Emma Larkins designed Abandon All Artichokes, ….And then we died, and Heartcatchers; she runs the Seattle Playtesting Meetup; and she is co-host of Ludology.
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When you’re talking about games, you can talk about them in a lot of different ways. We usually fall back to aspects like theme, mechanics, game weight and player count. But that doesn’t tell the entire story of a game, does it? You’re missing out on the player interactions and what players feel during the game if you just rely on these ways to discuss games.
For example, Magic: The Gathering has a lot of feelings to the game: opening the card packs, the tension of facing your opponent, the escalation as the game goes on, and the feeling of adrenaline when you get down to the last moves of the game to name a few.
However, in Tokaido, there’s no real escalation. You’re simply moving down the track without any truly intense moments in the game. It’s much like a chill vacation or an evening stroll.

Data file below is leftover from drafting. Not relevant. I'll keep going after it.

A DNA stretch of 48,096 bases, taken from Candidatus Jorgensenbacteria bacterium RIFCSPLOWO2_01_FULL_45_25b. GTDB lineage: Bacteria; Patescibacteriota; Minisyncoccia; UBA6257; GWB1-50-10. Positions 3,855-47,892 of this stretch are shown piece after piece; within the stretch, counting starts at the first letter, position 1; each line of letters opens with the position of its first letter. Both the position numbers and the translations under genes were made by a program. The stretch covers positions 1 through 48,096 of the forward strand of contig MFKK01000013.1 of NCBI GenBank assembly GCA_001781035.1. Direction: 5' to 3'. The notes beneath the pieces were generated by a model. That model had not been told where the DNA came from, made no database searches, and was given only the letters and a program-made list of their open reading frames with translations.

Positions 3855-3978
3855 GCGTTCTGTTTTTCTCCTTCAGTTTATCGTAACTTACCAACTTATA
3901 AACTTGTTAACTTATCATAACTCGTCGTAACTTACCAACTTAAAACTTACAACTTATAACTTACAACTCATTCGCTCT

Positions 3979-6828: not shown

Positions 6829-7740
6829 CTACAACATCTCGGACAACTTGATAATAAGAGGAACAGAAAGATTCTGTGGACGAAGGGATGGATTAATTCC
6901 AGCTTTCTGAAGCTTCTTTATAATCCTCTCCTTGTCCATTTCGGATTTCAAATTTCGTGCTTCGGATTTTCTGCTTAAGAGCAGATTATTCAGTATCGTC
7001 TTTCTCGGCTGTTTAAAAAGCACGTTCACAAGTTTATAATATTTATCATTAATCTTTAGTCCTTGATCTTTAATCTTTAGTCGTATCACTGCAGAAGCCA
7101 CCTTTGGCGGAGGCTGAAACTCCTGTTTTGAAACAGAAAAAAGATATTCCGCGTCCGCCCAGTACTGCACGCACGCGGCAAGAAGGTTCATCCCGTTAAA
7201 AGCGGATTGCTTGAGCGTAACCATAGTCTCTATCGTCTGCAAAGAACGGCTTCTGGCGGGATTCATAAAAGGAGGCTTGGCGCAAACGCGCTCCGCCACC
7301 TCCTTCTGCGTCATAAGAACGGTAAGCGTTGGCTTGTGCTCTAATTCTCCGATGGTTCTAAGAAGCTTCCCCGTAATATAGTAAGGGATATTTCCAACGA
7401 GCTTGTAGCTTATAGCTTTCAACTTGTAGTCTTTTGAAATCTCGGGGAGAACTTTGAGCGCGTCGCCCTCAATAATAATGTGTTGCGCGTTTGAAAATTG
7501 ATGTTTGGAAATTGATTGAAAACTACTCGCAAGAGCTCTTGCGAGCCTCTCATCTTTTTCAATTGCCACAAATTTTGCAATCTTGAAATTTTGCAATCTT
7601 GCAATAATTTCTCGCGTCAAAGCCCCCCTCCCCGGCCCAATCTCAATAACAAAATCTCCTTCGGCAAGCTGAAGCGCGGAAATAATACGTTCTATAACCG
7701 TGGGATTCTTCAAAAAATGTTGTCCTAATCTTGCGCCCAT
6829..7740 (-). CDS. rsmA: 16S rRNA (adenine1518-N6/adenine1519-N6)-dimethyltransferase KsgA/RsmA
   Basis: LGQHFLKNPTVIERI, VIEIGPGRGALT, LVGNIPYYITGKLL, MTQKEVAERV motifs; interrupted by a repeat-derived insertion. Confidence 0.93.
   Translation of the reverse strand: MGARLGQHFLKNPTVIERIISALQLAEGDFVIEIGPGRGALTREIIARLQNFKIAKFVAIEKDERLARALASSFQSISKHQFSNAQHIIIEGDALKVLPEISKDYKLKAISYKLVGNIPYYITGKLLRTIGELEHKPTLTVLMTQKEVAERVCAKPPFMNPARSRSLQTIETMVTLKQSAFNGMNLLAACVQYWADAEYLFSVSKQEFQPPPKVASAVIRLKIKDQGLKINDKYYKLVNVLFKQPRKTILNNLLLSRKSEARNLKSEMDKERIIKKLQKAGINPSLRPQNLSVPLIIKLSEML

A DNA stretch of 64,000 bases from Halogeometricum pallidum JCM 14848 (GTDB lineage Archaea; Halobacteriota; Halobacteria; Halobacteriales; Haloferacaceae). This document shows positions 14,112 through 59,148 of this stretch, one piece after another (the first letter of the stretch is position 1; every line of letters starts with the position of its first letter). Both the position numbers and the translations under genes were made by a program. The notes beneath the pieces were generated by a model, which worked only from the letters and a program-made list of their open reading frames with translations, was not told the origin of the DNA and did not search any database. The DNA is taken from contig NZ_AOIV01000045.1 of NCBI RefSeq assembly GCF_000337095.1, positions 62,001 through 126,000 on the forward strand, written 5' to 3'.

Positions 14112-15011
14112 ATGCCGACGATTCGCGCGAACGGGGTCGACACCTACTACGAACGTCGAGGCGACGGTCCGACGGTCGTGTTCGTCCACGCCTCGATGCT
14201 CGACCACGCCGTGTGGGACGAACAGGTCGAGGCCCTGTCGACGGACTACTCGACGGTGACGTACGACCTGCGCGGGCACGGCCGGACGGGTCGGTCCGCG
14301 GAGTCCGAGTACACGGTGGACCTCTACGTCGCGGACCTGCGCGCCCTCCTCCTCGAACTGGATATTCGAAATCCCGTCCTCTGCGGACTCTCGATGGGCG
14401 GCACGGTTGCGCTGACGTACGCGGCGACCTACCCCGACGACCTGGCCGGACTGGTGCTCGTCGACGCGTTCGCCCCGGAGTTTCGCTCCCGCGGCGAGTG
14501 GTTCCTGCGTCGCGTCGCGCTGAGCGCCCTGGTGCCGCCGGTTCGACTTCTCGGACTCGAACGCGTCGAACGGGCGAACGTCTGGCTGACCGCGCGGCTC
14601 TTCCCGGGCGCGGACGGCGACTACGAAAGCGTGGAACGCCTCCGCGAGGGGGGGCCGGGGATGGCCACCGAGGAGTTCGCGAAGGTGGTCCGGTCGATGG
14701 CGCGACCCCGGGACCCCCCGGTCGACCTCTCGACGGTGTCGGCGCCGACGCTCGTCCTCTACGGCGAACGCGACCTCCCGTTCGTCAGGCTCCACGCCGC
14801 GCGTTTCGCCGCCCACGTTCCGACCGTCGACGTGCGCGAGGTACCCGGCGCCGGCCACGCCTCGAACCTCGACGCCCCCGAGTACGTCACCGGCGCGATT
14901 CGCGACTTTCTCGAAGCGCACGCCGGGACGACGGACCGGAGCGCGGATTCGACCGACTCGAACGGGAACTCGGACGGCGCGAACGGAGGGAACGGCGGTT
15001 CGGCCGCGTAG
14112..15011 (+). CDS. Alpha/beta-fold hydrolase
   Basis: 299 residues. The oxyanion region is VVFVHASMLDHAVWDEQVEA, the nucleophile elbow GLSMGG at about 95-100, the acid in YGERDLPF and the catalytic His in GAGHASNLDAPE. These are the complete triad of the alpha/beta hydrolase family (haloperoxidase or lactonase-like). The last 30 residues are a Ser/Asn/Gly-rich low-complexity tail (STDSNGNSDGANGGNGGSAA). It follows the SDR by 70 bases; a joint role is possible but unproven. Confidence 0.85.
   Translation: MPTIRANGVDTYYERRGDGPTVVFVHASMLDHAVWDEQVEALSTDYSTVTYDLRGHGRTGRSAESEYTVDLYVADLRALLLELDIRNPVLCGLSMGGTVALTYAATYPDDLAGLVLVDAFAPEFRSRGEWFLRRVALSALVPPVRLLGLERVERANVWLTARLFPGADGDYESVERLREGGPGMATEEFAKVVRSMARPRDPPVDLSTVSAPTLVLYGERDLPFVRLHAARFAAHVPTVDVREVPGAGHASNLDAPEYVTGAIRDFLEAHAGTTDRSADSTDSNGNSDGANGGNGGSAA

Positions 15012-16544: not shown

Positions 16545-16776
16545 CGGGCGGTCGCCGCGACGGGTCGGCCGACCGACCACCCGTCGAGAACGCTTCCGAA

Why is game feel important?
A lot of heavy hobbyist gamers focus on the mechanics when talking about games, but this can be off-putting to people new to the hobby. Even within the hobby, there’s some disagreement with terms like Set Collection. I know that I’ve been very disappointed a number of times when I thought I was going to be playing a game about set collection that actually wasn’t the set collection I thought it’d be.
There’s a period of time before gamers can easily tell what games they’ll probably like and won’t like, and being able to talk more in terms of feel can really help to match the right game to the right set of gamers.
You also want to be able to choose the right game for a particular mood. If you can match that up perfectly, the gaming experience will be so much better.
This can all be hard to communicate as language tends not to be super granular. Talking about mechanics and theme can start informing what the feel of the game is, but there’s more to it than just those aspects.
Art can also play a part in the feel of the game, but it can also be misleading. For example, Arboretum is a brutal and beautiful game about trees, which is unexpected as it looks so nice and peaceful.
The experience curve is how the game feel changes as you play it. For example, in Tiny Towns, you start the game with the ability to build anywhere in your town. As the game goes on, you have less and less space to work, and it escalates into a very high-stakes end game.